So, essentially AT&T wants to spend a fairly small chunk of change to make sure its customers have a network on which to fall back on without experiencing a steep drop in speeds. It also wants to buy itself some time to roll out an LTE network without looking like a laggard, speed-wise. Indeed, T-Mobile is deploying an HSPA+ network that’s delivering speeds of up to 8 Mbps in real-world tests.

AT&T also wants to make sure its customers have good devices and coverage while the vendor community gets the LTE ecosystem up to speed. Stankey has long been vocal about his belief that LTE won’t be ready for the mainstream until 2014, and said today, “The vendors are experiencing some challenges on certain features and software, and first implementations in 2011 will be…pretty vanilla.”

Among his worries are issues about roaming between 3G and 4G, and the handoffs between voice and data on 4G networks. He believes a wide variety of LTE handsets for the general consumer, as opposed to early adopters, won’t appear until 2014 — which is also the same time he expects voice to be delivered via VoIP on LTE. Until then, the handsets will be big, have bulky antennas and suffer from short battery life, he predicted. However, he also acknowledged that the HSPA+ handset ecosystem will take some time to develop and said the first products will likely be data cards — a forecast which effectively killed my hope of a fourth-generation iPhone that works with HSPA+ networks.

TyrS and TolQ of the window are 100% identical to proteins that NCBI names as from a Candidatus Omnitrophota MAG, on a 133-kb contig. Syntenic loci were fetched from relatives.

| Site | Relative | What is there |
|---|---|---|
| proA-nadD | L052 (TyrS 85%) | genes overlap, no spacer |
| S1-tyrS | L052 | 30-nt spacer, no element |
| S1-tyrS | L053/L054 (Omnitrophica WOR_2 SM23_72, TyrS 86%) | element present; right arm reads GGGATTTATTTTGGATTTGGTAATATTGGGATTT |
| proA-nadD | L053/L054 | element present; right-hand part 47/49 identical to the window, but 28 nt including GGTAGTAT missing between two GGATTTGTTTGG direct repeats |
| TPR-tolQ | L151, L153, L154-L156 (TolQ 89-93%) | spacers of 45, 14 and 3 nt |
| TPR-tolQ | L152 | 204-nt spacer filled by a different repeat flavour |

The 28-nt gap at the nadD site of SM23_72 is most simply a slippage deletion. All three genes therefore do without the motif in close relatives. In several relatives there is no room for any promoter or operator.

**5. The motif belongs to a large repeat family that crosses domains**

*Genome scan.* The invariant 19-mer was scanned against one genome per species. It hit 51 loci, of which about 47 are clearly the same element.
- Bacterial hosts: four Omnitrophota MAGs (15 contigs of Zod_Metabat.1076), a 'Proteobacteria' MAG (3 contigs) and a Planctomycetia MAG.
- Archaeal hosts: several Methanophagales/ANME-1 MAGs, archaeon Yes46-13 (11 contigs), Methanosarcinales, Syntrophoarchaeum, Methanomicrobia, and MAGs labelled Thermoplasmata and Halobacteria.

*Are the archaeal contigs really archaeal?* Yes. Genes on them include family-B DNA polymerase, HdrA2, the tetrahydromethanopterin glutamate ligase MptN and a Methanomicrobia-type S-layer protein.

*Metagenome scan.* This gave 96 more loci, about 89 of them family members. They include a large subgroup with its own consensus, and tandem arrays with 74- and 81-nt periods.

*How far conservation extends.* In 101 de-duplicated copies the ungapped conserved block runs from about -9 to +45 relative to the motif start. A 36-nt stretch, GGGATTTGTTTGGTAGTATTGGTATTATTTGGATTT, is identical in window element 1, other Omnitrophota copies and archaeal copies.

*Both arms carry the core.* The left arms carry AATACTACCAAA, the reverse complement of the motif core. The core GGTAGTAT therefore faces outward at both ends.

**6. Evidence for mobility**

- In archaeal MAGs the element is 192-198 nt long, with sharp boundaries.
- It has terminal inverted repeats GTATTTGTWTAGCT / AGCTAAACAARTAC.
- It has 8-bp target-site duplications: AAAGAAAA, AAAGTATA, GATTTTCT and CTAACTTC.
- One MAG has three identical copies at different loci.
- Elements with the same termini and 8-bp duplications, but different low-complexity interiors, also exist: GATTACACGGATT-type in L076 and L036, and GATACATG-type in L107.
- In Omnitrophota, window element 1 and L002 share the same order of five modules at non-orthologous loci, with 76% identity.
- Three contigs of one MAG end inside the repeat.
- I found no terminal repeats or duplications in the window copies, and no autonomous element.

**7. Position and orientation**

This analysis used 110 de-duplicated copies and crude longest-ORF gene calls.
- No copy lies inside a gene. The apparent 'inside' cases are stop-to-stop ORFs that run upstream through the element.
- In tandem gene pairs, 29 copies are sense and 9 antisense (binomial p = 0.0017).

Even if the handset experience for LTE is lame through 2014, the market for data cards or service for devices like the iPad is a growing opportunity that AT&T can’t ignore. And that’s the main benefit to an upgrade to HSPA+ for Ma Bell: It gets double the speeds on its network for a low price, and it won’t fall behind as it competes with what would otherwise be faster speeds on Verizon’s LTE network, Sprint and Clearwire’s WiMAX network and T-Mobile’s HSPA+ network next year and beyond.

Related GigaOM Pro content (sub req’d):

Everybody Hertz: The Looming Spectrum Crisis

Thumbnail image courtesy of Flickr user mrbill